Of course applying (and relating) Catherine the Great’s Rules to today’s social media “conversations” is somewhat a conceit on my part. Many of the Rules work very well, others likely don’t translate completely across time (and maybe language). For example, although I understand and agree with your suggestion and reasoning to eliminate the word “passionately” in number 6, I suspect that in an historical context, “passionately” might have translated differently. For example, perhaps arguing with “passion” would include threats with weapons or body contact or blackmail against property or family. Ideas of rights and justice were quite different, both in law and thought.

    (In the 21st century, generally the less admirable “passionate” arguments in social media results in a derogatory blog post against an individual or organization, pile-ons in the comments section against a poster or the threat/action of “unfollowing” someone on twitter!)

    And, yes, #10 doesn’t really work in social media or public forums. Of course the basic premise of Catherine the Great’s Rules was based on inviting only certain segments of Russian society (e.g., the nobility) to The Hermitage; it definitely wasn’t a forum for the majority of the population (who were rural based).

    As I recall, one of the goals of the the immigrant empress (who came to Russia via an arranged marriage) was to “civilize” the nobility in her adopted homeland by cultivating an interest and taste in the various arts; the creation of The Hermitage Museum being one of the most overt examples.

    By the way, I think you are being discreet when you say “won’t speak their minds for fear of being escorted from the room.” In social media there can be a pack mentality, including chasing an individual out of the forum for debate.

    * * *

    Toni, you made me laugh (and cringe) in reading your interpretation of Rule number 9, particularly as someone whose nose is very sensitive to the smell of urine. (Talk about a smell that evokes feelings of pathos and a degenerative state, fear and loathing.)

    Russia is definitely a country in continual transformation (politically, economically)—not all of it positive. But one thing I observed in my two visits (the last one in 2005, to Moscow) is the legislated efforts that were made to make the cultural institutions open and available to all citizens (in sharp contrast to Catherine’s period). For example, the difference in admission prices for citizen and non-national/tourist is quite pronounced. School groups are quite numerous in the historical museums, palaces and churches, as young people are introduced to their past and present history and culture.

    (On a side note, we benefited from the price discrimination, as a tourist guide helped us obtain excellent, last-minute opera seats at the Bolshoi, for much less than it cost our travelling compatriots in advance. I’m sure we purchased the seats of a subscriber/Russian national, with only about a 15 per cent mark up. We paid about half the price of the others, for the same calibre of seats.)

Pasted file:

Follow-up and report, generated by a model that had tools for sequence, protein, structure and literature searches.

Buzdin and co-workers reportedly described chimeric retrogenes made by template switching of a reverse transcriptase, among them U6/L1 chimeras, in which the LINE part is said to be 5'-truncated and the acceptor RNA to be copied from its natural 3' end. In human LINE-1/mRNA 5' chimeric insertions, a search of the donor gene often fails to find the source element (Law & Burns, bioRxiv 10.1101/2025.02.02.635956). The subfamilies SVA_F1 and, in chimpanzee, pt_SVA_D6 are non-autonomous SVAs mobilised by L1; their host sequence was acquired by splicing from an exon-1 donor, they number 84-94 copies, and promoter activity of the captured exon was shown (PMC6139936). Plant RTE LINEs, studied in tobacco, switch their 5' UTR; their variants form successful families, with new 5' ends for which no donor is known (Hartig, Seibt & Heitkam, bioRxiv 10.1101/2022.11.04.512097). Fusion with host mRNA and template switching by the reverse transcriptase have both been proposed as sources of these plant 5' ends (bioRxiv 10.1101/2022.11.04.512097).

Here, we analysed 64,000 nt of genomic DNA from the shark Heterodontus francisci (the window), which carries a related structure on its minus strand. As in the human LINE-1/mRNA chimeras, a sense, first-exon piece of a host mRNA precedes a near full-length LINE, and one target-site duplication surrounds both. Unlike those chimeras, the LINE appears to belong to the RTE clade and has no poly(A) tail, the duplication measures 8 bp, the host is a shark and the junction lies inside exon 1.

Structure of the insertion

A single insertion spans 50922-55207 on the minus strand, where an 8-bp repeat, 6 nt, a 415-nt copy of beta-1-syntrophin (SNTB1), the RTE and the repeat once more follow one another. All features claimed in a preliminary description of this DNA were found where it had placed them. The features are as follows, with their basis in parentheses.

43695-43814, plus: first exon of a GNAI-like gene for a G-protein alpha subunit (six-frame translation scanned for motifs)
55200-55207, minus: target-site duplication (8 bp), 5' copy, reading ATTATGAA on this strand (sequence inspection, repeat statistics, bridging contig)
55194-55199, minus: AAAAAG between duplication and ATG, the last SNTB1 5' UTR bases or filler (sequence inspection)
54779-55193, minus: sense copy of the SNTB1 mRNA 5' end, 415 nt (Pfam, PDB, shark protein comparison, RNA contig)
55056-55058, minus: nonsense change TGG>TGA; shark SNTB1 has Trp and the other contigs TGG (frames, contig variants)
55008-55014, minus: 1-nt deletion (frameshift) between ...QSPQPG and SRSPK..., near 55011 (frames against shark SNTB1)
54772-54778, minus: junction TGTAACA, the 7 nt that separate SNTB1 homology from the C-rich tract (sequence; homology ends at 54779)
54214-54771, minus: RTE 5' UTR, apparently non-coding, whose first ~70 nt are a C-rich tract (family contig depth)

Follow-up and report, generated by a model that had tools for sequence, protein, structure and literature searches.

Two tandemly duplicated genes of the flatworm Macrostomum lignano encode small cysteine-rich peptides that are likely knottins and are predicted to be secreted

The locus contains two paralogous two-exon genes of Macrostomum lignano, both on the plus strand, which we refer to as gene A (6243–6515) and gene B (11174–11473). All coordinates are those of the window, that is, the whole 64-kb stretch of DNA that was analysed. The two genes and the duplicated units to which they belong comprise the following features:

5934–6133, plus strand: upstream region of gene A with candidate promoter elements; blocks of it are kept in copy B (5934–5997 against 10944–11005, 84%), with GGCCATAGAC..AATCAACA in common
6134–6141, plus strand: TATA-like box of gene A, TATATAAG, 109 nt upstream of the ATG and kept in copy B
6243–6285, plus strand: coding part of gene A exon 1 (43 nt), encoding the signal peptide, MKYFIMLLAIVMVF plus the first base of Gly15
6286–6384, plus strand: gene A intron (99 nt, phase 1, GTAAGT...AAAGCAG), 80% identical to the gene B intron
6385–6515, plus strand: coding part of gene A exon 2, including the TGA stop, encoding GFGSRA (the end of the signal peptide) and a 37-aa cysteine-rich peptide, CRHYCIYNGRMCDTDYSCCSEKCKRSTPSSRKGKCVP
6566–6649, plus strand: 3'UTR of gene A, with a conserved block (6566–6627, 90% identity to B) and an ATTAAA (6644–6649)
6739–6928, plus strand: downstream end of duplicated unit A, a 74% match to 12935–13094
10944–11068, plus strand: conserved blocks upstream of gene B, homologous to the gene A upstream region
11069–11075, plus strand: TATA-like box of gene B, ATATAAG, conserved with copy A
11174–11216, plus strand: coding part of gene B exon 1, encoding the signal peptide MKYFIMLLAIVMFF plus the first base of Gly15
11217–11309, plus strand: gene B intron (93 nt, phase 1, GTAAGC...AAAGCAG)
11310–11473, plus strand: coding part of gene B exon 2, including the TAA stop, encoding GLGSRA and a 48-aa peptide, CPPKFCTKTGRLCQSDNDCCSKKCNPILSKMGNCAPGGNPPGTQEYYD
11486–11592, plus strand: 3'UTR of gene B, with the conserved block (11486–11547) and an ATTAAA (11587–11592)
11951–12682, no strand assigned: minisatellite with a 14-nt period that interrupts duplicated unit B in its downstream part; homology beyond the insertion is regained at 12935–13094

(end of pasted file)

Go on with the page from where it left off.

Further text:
I do think The Hermitage is flourishing, perhaps in part to its multi-year, multi-part travelling exhibition (with a mere fraction of its huge holdings) to key cities in the world. Toronto’s Art Gallery of Ontario is one of the museums on the circuit. And, yes, I did go to see the first travelling exhibit a few years ago. I seem to recall the crowd was quite awed (at the opportunity to see these treasures) and civilized. I definitely don’t remember the smell of urine, anywhere…. 😉

  2. Judy,

    in the summer of 1992, the hottest for years in St. Petesburg and in a very itchy political and economic period (neither here nor there, yet..with drugs, alcohol, escorts and armanidressed gangleaders roving around glitzy restaurants and hotels) I passed my first four hours visiting the Hermitage.

    I was so overwhelmed by what was in front of my eyes and at the same time terrified that I might be one of the last humans before the heat would actually liquify the treasures.
    No air conditioning, enormous crowds, windows wide open to a highly polluted atmosphere with a strong scent of urine.
    I later discovered in walking around the city that beyond the front entrance of all those beautifully restored facades people peed in the corridors.

    Rome sometime gives you this feeling, Venice also, or even the lower east side of New York when heat and humidity combine…..

    Of course I am told that all has changed now in St Petersburg and that the Hermitage has survived and flourished since.

    Yes I thought of this, in reading Catherine’s number 9.


  3. Thought provoking list. But I will suggest one revision.

    I might edit No. 6 to read simply: “One shall not argue angrily.” A logically sound argument can be strengthened by passion, combining logos and pathos.

    While I agree with No. 10 wholeheartedly, in 21st century online discussion, the door is left open. That can be good and bad. Open discussions are more inclusive. But people often won’t speak their minds for fear of being escorted from the room. We see this a lot in social media.